We try to cover all kinds of situations in our firearms training and have a very active program. The BIG CITY that we share a border with has their officers qualify once a year. We do an AR15 range, a shotgun range, a night pistol range, a stress pistol range, a state qualification range and two other combat related pistol ranges each year.
We shoot from inside the patrol car. Under the car. Behind the car.
We have a bail out range where the officers shoot from the driver seat then have to exit the car from the passenger side to get to cover.
(getting past the MDT, console and patrol bag on the passenger seat can be a challenge)
Today we did a pistol range dealing with point shooting at close range.
I did the research on actual police shootings and presented it to our officers a week before the range. I used NYPD /LAPD stats as well as local incidents to explain why we were doing it.
There have been several articles in the police magazines on the subject of late also.
My personal opinion and experience is that the vast majority of police handgun encounters are point shooting situations.
We have always done extreme close quarters point shooting but today we expanded it.
For the drills today we started with red guns to demonstrate action vs. reaction and to check weapon presentation of shooters.
The course of fire was contact range to 21 feet. Weapon retention was stressed. Lateral movement was stressed and used.
Prior to live fire I put electrical tape over the rear sights of the shooters Glock pistols.
All shooting was rapid fire.
Shooters were told to use the top of the slide as a visual reference and to keep both eyes open.
This range was NOT SCORED.
I think that is important. The scoring factor makes shooters even more nervous, causes them to slow down and negates the limited reality that we can put in the situation on a square range.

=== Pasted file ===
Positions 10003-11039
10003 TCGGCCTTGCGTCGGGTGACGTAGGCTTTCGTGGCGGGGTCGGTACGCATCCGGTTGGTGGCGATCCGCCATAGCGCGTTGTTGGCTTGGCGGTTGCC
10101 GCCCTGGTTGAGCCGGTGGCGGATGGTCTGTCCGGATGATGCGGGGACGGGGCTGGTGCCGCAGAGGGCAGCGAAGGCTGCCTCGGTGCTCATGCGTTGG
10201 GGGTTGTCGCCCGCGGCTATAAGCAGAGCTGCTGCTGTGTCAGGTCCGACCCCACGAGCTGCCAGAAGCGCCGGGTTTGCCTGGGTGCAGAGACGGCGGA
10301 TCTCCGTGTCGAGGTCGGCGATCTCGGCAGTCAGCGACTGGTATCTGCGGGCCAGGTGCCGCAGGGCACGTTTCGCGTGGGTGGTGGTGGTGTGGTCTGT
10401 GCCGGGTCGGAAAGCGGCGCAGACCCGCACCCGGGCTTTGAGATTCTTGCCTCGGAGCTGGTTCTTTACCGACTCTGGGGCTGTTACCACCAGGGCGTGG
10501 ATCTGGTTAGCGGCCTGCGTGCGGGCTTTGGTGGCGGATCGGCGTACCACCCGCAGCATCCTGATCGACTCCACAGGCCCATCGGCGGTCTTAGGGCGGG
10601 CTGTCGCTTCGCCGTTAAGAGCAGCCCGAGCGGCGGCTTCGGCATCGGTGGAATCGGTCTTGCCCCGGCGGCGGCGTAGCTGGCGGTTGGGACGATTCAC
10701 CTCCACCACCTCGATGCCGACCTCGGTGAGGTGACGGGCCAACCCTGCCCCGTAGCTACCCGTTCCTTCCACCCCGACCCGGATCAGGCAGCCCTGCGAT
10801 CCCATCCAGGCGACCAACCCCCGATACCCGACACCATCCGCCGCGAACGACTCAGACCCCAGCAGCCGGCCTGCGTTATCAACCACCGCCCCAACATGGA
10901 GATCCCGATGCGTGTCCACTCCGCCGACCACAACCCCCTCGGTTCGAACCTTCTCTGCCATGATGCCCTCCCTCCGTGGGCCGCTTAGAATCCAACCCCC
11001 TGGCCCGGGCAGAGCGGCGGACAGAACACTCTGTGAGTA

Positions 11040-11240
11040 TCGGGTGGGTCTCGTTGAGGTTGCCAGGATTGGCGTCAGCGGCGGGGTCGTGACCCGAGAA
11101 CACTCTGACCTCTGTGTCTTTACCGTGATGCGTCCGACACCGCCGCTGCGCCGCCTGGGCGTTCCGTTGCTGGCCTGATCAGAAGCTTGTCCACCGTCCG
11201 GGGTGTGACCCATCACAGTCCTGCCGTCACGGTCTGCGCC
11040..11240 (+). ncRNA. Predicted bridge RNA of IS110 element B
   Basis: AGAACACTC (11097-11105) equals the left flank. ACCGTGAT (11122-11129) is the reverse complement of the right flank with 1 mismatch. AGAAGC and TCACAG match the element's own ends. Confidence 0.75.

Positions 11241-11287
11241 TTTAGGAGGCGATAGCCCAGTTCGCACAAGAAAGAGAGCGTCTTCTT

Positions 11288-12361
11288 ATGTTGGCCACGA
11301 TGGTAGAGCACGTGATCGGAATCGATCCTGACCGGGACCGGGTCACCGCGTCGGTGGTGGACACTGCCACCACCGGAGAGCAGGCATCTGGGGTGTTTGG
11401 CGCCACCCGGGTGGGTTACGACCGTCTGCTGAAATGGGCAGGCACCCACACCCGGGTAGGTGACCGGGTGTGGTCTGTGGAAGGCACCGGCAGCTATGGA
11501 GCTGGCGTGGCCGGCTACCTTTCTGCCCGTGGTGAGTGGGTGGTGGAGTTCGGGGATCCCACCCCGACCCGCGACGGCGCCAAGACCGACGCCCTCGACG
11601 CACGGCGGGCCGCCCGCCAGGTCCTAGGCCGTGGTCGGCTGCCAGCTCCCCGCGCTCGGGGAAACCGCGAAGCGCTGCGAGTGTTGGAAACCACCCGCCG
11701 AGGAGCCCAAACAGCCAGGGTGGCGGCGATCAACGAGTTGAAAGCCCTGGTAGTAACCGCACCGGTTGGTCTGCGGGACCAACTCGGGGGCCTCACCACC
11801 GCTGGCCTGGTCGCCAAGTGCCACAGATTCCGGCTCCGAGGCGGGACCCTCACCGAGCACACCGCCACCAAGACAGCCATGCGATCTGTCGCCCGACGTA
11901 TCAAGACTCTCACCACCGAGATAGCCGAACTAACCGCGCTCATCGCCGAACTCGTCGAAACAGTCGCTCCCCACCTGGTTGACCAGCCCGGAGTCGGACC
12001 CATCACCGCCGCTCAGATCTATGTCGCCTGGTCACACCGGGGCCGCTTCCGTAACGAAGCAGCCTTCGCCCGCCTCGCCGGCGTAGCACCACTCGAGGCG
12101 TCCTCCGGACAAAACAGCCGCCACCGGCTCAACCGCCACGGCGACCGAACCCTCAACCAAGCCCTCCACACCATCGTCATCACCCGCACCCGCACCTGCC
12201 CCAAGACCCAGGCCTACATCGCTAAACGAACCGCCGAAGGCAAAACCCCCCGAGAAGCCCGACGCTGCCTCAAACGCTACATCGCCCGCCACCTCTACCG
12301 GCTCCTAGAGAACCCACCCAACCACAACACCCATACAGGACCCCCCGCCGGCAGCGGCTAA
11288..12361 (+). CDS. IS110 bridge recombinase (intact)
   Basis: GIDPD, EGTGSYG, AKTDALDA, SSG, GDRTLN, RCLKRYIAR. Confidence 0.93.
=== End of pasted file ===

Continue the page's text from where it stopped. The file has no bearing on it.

Targets were standard B27 with an 8" paper plate over the X ring area for visual reference.
Results were better than expected.Even my sub par shooters on standard sighted qual ranges were scoring good hits. There were very few missed shots among 32 shooters.
All the shooters reported that they enjoyed the training and found it to be realistic.
It was a good confidence builder.
There is a place for sighted precision fire and we do not discount that. There is also a place for rapid fire point shooting. I think we need to teach both and give them equal standing. Our officers deserve every tool we can give them.
D.R. Middlebrooks has some good videos about this here.
It can be very accurate even at a long distance.
Sounds like you focus on some good training for your guys.
We do some of that style stuff, I end up doing a lot on my own. Wish more of our guys did.
Anyway, keep up the good work man. Sounds like your guys appreciate it.
Not too sure that the participants were doing true point shooting. Covering the rear sights still leaves the slide and front sights available and is actually a form of flash front sight shooting, which is a very common technique that is taught. Flash front sight shooting should not be confused with point shooting. The basic theory behind flash front sight shooting is to align the muzzle and catch a glimpse of the front sight and cover the target. The relationship of the rear sights is irrelevant as you do not use rear sights for this type of shooting. Point shooting is a true natural alignment and point of the weapon without using either sights or the weapon at all as a reference for for aiming and the shooters visual focus is completely on the target. A true example of point shooting would be with the weapon completely below the line of sight, or in total darkness where the weapon or sights cannot be seen.
Of course there are many different names and slight variations for these techniques depending on where you learned it, but your guys were probably not doing true point shooting from your description, but your drill and lessons definitely need to be a part of the regular teaching curriculum. Good to hear that confidence levels went up. Pushing guys outside of their comfort zone during training sessions is what its all about.
American Guardian just had a show on this recently also.